Madame Bovary


Gustave Flaubert's Madame Bovary takes place in Tostes and Yonville in the middle of the nineteenth century and examines the Petite Bourgeois society of southern, rural France. Emma, the protagonist, marries Dr. Charles Bovary and settles in Tostes. At first, she is excited and pleased with her marriage, but because of her superficial romantic ideals, she soon becomes bored and disillusioned by her new life, and, as a result, becomes ill. Dr. Bovary decided to move to Yonville in hope that Emma's health will improve. Madame Bovary's unhappiness continues until she meets Leon, a young law clerk and Rodolphe, a decadent aristocrat, and has an adulterous affair with each. During this time, Emma spends Charles' money freely and incurs many debts. She keeps these secrets from Bovary and manages to gain Power of Attorney so she can have full access over all their financial affairs. Eventually, Emma's unpaid bills become overdue and her creditors put a judgement against her. Emma tries to raise enough money to pay the bills and even resorts to Rodolphe and Leon for help, not neither are willing to aid her. Out of shame, Emma poisons herself and suffers a painful death. Shortly afterward, Charles dies. Emma searches for "happiness, passion, and intoxication" (55) because she cannot accept her status in the Petite Bourgeois society. First, through her affair with Rodolphe, and then Leon, Emma tries to escape the rural dullness of her life, but ultimately fails.
Madame Bovary's affair with Rodolphe is an attempt to escape the dullness of her life. For example, after Leon deserts Emma, she falls into a period of mourning. She dreams about Leon and the many romanticized conversations they shared. But, one day Rodolphe brings one of his servant s to be treated by Dr. Bovary, and Emma immediately becomes infatuated with Rodolphe. At the Agricultural Show, Rodolphe plots to seduce Emma and successfully achieves his goal. Emma is infatuated with Rodolphe because she feels that Rodolphe can provide her the happiness and excitement that Charles cannot. Emma plans to leave Yonville with Rodolphe in order to find excitement in her life, but he decides not to. Rodolphe leads Emma on the entire time; thus, Emma fails to obtain happiness and escape the dullness of her life.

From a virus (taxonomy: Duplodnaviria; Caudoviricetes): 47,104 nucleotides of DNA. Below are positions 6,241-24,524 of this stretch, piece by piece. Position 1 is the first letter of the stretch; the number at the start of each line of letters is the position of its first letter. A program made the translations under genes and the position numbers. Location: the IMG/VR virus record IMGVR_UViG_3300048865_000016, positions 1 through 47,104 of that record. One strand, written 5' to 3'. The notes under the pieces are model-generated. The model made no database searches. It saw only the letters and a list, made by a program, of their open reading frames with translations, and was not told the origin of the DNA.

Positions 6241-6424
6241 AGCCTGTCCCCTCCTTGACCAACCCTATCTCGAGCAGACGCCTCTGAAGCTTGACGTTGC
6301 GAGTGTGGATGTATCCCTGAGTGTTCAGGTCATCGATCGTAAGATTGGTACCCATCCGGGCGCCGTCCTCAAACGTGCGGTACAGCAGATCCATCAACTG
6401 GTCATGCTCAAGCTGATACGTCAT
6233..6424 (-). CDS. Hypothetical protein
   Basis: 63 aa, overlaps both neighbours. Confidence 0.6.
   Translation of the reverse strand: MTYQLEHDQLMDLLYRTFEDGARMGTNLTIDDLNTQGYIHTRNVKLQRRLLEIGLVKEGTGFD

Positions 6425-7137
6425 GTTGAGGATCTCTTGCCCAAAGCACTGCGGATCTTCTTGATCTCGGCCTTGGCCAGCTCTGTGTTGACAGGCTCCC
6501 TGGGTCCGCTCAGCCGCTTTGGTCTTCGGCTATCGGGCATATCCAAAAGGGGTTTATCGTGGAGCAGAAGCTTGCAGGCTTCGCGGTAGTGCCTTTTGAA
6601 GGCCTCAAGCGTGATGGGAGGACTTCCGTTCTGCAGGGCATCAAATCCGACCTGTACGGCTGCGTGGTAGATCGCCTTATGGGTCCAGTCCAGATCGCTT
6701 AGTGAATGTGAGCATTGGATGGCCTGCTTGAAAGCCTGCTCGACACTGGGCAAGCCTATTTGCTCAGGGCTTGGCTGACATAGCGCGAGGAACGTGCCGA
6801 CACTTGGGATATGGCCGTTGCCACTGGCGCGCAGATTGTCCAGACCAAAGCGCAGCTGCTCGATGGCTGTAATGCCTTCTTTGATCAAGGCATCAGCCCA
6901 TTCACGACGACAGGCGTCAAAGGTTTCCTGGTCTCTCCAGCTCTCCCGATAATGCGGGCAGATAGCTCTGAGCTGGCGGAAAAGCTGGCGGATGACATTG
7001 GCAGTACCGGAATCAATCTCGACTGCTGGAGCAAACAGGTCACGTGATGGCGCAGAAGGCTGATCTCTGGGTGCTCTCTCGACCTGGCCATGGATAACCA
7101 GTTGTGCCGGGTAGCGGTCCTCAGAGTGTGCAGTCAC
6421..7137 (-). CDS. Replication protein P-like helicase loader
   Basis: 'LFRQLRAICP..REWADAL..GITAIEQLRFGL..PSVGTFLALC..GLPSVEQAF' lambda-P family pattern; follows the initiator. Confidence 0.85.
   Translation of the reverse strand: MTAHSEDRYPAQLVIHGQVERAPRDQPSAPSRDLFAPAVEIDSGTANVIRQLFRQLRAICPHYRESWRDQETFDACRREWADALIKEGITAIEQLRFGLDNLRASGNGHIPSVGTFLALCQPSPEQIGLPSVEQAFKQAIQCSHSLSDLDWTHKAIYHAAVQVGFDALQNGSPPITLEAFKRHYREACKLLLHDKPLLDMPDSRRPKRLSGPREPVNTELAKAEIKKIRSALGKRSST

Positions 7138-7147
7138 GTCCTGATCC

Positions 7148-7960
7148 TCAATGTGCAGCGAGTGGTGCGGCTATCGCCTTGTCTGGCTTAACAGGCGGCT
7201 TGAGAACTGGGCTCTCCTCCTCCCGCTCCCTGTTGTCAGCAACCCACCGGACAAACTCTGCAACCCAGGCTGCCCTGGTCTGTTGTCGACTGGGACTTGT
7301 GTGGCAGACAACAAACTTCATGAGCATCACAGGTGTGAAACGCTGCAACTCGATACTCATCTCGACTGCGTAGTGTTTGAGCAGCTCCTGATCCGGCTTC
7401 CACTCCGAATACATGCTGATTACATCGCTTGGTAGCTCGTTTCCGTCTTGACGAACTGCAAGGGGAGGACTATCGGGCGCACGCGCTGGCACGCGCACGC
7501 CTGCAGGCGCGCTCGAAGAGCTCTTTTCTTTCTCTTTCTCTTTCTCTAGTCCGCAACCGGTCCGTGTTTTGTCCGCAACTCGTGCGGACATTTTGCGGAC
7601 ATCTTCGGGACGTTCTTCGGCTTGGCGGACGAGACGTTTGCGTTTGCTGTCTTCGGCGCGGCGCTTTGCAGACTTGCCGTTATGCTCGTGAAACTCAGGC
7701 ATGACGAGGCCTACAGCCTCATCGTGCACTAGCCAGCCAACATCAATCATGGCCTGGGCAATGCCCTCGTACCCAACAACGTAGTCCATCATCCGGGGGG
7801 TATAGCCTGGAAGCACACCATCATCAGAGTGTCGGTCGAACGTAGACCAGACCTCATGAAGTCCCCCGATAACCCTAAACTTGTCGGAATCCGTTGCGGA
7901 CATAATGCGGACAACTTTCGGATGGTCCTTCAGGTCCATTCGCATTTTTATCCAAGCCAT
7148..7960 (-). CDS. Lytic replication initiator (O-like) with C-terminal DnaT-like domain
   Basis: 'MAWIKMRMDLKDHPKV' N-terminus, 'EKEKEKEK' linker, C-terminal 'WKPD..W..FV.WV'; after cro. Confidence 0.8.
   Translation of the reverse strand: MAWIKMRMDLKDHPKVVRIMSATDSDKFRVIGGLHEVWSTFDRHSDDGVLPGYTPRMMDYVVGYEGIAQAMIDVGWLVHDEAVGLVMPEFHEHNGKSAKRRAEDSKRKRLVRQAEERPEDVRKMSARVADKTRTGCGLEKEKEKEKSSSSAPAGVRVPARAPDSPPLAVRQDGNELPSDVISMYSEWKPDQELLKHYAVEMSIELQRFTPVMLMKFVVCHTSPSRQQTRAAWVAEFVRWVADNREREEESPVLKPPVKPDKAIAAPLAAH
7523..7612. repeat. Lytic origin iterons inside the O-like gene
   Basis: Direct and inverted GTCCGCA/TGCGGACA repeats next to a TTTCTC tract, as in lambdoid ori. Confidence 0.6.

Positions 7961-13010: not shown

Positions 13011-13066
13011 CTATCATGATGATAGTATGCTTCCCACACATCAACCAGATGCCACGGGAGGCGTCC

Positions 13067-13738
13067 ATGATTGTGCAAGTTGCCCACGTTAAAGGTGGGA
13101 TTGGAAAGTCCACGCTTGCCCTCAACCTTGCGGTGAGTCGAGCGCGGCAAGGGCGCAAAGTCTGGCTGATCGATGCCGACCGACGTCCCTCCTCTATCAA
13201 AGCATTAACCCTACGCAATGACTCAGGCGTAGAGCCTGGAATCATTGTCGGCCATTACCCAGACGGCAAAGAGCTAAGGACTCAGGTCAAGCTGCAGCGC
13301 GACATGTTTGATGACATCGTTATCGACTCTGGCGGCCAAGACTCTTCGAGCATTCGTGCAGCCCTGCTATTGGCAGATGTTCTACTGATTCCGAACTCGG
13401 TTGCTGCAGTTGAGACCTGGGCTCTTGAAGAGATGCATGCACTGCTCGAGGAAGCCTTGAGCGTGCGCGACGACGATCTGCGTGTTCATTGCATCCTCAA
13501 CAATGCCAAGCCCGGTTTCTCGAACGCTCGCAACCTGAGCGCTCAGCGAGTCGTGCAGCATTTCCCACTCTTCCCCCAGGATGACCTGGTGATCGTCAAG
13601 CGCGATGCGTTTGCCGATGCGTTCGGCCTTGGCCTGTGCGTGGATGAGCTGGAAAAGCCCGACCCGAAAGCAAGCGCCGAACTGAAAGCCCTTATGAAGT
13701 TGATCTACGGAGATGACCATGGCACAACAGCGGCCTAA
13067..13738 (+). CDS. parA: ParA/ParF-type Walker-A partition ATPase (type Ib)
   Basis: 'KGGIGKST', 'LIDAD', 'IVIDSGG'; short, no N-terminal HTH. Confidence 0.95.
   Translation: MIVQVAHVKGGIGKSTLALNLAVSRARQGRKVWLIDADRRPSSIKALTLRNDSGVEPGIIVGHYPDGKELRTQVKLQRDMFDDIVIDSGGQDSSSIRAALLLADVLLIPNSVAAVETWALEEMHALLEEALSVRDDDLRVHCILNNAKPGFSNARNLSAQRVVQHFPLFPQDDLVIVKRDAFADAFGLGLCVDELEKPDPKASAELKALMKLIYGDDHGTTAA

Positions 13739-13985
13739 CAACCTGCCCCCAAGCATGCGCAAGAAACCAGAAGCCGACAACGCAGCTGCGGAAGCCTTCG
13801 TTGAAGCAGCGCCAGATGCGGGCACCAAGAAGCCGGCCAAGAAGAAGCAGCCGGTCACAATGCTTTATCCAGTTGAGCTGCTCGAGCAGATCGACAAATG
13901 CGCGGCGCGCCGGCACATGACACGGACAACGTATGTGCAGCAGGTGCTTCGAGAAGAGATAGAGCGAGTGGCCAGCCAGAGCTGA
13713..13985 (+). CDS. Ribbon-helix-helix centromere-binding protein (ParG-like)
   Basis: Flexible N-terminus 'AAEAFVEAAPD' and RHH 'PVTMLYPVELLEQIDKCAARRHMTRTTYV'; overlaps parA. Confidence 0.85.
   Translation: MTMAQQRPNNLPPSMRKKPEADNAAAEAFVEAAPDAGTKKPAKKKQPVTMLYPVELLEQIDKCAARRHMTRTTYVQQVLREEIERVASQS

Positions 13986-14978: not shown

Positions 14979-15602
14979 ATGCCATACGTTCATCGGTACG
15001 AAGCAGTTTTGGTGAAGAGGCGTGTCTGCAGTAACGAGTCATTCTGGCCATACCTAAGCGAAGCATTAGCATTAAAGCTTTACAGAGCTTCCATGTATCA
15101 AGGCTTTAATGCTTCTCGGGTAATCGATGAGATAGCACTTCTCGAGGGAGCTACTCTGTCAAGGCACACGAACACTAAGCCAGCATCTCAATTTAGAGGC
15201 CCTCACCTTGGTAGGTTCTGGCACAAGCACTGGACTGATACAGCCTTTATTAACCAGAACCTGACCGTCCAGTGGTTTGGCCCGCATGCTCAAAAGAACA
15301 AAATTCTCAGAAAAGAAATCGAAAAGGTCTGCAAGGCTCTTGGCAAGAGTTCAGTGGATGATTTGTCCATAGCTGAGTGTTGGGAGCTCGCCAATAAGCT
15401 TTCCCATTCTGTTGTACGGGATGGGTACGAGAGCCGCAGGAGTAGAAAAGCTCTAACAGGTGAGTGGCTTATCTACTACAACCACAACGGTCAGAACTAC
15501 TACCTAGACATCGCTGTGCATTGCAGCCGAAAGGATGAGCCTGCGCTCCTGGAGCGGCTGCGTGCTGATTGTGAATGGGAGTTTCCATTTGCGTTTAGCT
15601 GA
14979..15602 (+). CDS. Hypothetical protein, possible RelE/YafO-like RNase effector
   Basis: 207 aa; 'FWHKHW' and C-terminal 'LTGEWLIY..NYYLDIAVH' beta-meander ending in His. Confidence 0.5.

Secondly, Madame Bovary tries to escape the dullness of her life through an affair with young Leon. When Emma first meets Leon she becomes fascinated with Leon's mind. They share the same romanticized views and read the same sentimental novels. However, Leon deserts Emma to attend law school. She later, after having an affair with Rodolphe, encounters Leon in Rouen and has an adulterous affair with him. Emma uses Leon to in place of Rodolphe. Emma's affair with Leon does not last because she poisons herself. Emma tries to escape the dullness of her life by having an affair with Leon because she feels that he will be able to give her a higher ranking in society but ultimately fails.
In conclusion, Madame Bovary searches for "happiness, passion, and intoxication" (55) because she cannot accept her status in the Petite Bourgeois society. First, through her affair with Rodolphe, a decadent aristocrat, and then Leon, a young law clerk, Emma tries to escape the rural dullness of her life but ultimately fails. Emma is unable to achieve this because she incurs too many debts, and in shame poisons herself.